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Statewide Curriculum and Assessment Project Update
Wednesday, March 02, 2016
January 2016 Regents Week Instructor Convening
A total of 135 Career and Technical Education (CTE) teachers from across the state converged at the Radisson Hotel in Albany during the last week of January to continue their efforts in unifying CTE assessments and curriculum for all 35 BOCES in New York.
Their efforts began a few years ago as a result of a charge given by the District Superintendents Curriculum and Assessment Committee representing all BOCES to develop a statewide plan for constructing and implementing assessments that adhere to the requirements of teacher evaluation. As an outgrowth of the charge provided by the District Superintendents, the Leadership Team has begun the process of developing curricular elements that match the content of the assessments.
Teachers have a stake in the process of creating assessments because they are well positioned to understand the curricular priorities associated with CTE programs and have a keen awareness of industry requirements facing students upon completion of CTE programming. “This process empowers CTE teachers to be in charge of the design and implementation of the testing. It’s good to get everyone together to come up with the common themes,” said Sean Mahon, an eight-year veteran CTE instructor of Information Technology from Hamilton-Fulton-Montgomery (HFM) BOCES. This was his second year in attending the three-day assessment development and training session.
On Wednesday, CTE teachers representing 16 CTE content areas gathered in one room, the Lead Director of the project, Doug Leavens, asked, “Why are we doing this?” After much feedback and discussion, Mr. Leavens offered, “We’re doing this work, not only to create assessments that are used for APPR, but equally important, for all teachers to share ideas from across the state to create a unified core curriculum elements that match the assessments under development.” Leavens, the CTE Director from the Washington-Saratoga-Warren-Hamilton-Essex BOCES, explained that unifying CTE across the state to speak in one voice also allows policy makers to see that CTE expects similar outcomes regardless of where students are being educated. This “unification” work sends a powerful message to key decision-makers that they can establish solid policies for CTE and not worry that students are developing different levels of competence solely based on where they live. He congratulated the teachers on their work over the past three years as they identified priority content areas, developed items for assessments and reviewed product from their peers. He finalized his comments by noting that “The New York State Education Department (NYSED) has already approved 20 of our assessments,” and “that it is remarkable to have that many collaboratively developed assessments approved so quickly.”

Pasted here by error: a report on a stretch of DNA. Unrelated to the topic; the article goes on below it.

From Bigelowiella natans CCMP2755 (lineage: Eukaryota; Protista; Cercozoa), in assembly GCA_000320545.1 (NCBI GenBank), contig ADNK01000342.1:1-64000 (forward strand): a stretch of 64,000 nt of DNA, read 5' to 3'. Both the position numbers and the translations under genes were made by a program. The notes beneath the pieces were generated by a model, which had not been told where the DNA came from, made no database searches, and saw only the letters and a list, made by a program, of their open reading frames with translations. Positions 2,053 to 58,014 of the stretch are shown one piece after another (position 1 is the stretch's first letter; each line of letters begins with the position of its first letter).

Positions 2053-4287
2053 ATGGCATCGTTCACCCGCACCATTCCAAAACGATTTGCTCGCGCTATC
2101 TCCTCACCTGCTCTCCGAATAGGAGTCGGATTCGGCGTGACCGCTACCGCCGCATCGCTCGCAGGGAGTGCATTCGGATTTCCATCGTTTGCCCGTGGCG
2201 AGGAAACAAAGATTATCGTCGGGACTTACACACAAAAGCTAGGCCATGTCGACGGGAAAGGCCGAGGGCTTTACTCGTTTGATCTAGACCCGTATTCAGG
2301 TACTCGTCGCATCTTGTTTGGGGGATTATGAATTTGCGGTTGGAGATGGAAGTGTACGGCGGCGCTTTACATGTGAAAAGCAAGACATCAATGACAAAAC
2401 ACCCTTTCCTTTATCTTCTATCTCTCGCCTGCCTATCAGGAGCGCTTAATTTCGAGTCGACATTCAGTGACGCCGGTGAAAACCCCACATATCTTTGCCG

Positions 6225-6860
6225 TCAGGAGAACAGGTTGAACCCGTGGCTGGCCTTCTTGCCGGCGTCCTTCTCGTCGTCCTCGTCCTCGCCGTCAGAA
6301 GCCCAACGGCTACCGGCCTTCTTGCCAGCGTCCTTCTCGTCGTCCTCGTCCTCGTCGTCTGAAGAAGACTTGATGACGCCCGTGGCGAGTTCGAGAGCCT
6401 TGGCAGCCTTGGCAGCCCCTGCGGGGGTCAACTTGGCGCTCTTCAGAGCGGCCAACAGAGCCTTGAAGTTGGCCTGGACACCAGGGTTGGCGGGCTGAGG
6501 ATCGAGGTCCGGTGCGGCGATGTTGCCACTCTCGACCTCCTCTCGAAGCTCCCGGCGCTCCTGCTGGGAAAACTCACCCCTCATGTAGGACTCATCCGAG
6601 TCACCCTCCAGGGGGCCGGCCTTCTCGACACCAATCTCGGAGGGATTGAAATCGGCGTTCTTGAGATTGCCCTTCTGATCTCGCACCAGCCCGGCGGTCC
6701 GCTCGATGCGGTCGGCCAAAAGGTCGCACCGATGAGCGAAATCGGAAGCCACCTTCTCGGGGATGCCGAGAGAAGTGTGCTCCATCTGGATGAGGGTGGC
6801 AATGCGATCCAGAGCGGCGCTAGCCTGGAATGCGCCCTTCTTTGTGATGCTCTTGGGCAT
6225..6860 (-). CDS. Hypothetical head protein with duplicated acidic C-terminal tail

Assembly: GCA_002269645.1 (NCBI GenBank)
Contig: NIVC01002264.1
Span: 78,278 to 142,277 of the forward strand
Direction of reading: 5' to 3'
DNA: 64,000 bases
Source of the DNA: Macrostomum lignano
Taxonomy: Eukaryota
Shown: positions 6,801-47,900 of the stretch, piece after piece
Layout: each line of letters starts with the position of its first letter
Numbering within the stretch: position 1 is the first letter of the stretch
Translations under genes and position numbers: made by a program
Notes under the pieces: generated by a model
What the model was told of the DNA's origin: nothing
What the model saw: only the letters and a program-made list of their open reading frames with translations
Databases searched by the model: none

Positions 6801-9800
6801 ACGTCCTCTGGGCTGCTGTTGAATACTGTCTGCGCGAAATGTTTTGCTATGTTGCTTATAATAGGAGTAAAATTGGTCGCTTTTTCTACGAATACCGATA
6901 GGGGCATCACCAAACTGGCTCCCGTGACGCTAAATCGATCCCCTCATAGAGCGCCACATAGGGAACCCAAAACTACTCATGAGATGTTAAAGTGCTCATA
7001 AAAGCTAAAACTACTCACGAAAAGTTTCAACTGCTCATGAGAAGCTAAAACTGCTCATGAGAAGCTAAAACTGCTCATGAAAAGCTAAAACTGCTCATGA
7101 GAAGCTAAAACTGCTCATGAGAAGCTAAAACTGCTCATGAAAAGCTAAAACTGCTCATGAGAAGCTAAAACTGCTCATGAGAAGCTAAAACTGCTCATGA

Consultant and Coordinator of the project, Katie Jones, added, “Additional content area assessments will be submitted once these assessments are field tested and piloted in the spring.” It was under the direction of the Leadership Team that Mrs. Jones (project consultant) implemented steps teachers used to develop priority content for the assessments. She explained to the group that the psychometrician looked at the questions on the tests and they now have a bank of approved items. She is looking for more teachers to pilot assessments in order to have more of them on the approved list. This year, Mrs. Jones said teachers continued to work on refining assessments and they will continue to meet regularly to keep assessments fresh and current.
After meeting with the whole group, teachers moved to different areas to work with their peers in their content area. Cheryl Richardson, an Early Childhood Education teacher from WSWHE BOCES, said her group was concentrating on writing additional questions. She commented on the opportunity to meet with other CTE teachers by stating, “We look forward to meeting with each other, getting ideas, and working toward alignment across the state. It’s interesting to hear that someone from Buffalo and someone from Long Island came up with the same information. While the classrooms may be different, the competencies are the same.”
Meanwhile, unifying the CTE curriculum was also being discussed at another session during the week with a representative group of teachers. A draft template for curriculum development was handed out to the teachers and a comprehensive description was provided to create understanding. Once this was completed, the teachers were asked to provide feedback about what they saw for use by the Leadership Team so as to establish a process for this part of the project. Rebecca Gihr, an Early Childhood Education teacher from Orange-Ulster BOCES, summarized for the group, “The competencies that the teachers came up with last year need to be as unified as possible on content that all teachers cover.” Yet, the curriculum still leaves room for personalized content that is specific to content areas and regions.